212 of 236 people found the following review helpful
on May 19, 2000
Whoopee! Glad they're coming out with Season 2 later this year. That means I have roughly 6 months to save for this set!
As one may gather, I'm obviously an x-phile - how else can one explain a five-star rating for a dvd boxed set which isn't even available yet? Heck, I'm still waiting for my Season 1 gift set order from amazon to arrive.
Here's a rundown of the second season episodes:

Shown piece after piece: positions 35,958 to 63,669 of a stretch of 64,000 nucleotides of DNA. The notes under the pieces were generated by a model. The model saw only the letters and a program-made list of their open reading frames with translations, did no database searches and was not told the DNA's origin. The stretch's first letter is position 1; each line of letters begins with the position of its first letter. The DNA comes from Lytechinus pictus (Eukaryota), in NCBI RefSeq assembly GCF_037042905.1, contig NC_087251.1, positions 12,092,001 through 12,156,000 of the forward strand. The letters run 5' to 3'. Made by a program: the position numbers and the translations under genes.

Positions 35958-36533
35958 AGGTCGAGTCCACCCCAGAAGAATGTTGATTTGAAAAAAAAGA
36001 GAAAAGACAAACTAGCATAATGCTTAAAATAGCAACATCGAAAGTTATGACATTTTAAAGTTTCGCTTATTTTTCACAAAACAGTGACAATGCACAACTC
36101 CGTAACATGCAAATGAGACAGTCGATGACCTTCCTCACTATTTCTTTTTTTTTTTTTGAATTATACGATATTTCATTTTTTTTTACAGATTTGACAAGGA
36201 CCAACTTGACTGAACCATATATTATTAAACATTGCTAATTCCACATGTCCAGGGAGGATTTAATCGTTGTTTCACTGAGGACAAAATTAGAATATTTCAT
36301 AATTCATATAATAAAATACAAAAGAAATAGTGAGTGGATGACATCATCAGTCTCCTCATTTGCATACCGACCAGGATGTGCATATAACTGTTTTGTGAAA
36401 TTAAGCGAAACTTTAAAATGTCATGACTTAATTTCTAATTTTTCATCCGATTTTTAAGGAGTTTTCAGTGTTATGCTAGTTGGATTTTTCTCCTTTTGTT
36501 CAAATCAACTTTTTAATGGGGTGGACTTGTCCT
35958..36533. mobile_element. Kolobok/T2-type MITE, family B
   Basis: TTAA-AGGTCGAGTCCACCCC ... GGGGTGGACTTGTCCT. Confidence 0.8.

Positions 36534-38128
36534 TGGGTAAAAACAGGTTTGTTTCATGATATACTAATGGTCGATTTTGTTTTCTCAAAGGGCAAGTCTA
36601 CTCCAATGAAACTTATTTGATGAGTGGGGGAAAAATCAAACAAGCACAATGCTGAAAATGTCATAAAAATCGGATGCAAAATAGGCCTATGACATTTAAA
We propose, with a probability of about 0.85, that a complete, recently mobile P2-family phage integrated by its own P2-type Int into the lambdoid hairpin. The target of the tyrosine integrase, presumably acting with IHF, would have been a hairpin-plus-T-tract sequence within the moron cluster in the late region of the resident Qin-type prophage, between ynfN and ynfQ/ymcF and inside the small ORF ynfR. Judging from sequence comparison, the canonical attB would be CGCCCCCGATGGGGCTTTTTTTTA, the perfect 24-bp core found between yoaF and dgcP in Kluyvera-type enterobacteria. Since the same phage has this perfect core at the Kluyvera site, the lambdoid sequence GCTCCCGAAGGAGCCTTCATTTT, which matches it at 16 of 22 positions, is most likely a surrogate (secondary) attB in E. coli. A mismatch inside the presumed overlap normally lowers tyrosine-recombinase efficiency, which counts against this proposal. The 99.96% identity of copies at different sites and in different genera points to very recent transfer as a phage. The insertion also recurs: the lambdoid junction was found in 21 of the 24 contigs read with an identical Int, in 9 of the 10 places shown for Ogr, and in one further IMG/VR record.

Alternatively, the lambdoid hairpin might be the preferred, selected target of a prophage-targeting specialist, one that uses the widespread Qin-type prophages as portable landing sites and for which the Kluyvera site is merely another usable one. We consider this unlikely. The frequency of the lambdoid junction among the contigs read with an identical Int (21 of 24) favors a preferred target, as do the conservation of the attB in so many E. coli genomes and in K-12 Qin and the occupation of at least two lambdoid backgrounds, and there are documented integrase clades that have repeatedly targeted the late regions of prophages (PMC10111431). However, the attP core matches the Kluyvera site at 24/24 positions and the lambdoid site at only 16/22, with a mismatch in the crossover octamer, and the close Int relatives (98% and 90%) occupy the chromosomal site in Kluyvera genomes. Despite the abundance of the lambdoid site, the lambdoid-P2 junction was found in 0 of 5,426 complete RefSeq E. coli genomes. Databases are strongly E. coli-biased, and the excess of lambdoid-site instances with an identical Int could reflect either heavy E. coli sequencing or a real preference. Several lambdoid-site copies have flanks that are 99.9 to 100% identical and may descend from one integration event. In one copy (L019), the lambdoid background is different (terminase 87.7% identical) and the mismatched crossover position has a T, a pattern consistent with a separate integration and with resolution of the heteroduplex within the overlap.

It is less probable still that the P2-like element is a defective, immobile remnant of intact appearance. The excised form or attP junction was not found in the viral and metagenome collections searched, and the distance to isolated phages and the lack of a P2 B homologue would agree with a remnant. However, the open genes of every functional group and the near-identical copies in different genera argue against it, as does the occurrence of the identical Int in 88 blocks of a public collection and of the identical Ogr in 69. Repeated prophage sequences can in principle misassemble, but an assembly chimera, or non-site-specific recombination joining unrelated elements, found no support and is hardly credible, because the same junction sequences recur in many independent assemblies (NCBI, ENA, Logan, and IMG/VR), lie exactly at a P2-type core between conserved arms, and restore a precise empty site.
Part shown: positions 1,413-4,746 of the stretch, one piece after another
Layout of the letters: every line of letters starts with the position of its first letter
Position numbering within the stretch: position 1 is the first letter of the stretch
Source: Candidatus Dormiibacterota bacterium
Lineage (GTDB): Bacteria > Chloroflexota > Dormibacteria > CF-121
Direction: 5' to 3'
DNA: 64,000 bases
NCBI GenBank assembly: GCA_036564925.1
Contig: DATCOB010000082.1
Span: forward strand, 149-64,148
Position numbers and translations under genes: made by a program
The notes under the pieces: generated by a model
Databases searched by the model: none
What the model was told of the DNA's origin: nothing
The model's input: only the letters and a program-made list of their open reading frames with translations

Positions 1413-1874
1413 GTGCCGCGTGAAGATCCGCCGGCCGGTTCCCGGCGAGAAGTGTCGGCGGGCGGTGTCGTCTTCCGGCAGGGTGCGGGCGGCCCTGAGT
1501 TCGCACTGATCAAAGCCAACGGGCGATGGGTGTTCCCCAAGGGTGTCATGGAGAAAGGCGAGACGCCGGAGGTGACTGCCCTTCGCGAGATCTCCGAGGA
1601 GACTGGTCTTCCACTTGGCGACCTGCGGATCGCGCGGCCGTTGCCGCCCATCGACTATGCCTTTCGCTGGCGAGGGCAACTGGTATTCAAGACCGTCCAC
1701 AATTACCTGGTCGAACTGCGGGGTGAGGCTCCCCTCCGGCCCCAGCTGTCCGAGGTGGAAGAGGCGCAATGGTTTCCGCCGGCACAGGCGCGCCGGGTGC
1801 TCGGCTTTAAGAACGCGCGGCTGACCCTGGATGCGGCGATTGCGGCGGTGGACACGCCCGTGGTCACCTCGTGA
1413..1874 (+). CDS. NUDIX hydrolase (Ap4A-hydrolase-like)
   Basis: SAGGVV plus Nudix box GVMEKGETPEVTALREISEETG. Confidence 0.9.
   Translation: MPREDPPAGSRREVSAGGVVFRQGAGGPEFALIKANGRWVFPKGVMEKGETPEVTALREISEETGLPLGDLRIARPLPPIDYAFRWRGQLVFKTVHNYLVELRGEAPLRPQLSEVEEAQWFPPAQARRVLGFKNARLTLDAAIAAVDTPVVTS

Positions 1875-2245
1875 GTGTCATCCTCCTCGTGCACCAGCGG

1) Takes off from the season one finale. After the X-Files have been shut down, Mulder & Scully journey to Puerto Rico. 2) Introduces fan-favorite The Flukeman, a genetic mutation living in the New Jersey sewer system. 3) Residents in a small community suddenly become violent, apparently urged on by digital readouts ordering them to kill. 4) Introduces Alex Krycek (Nicholas Lea). 5) Mulder is in the middle of a hostage negotiation involving alien-abductee Duane Barry. 6) Continues from the previous; Mulder pursues Barry who has kidnapped Scully. 7) My personal favorite! Vampire-themed episode featuring Duchovny's then real-life girlfriend Perrey Reeves. 8) Scully is found, albeit in a coma. 9) Deadly lifeform living in a volcano. 10) Agents investigate a possible connection between several teenager disappearances and a religious cult. 11) Strange unseen attacks in a nursing home. 12) The personality of a serial killer is transferred to his granddaughter 13) An "escalating fetishist" episode, where one's relatively harmless "hobby" turns homicidal. 14) Satan worshippers pay for their laxity! 15) Voodoo episode. 16) Features horror genre fan-fave Brian Thompson (Fright Night, Kindred) as the alien boutny hunter. Mulder meets long-lost sister Samantha (or does he?). 17) Continues from previous. 18) Animal abductions from a zoo near a major UFO hotspot. 19) Partly inspired by "The Philadelphia Experiment". 20) Great episode featuring circus acts, Jim Rose, and the Conundrum! 21) Possession story featuring the Romanian holymen the Calusari. 22) Plague-like epidemic sweeps a prison facility. 23) Killer shadows. For Marvel comics fans this recalls powers of characters such as Cloak and The Shroud. 24) A town hides a terrible secret. Hint - read up on the New Guinea Jale tribe. 25) Cliffhanger episode. Hacker obtains all the Defense Department's files on UFO's - encrypted in Navajo!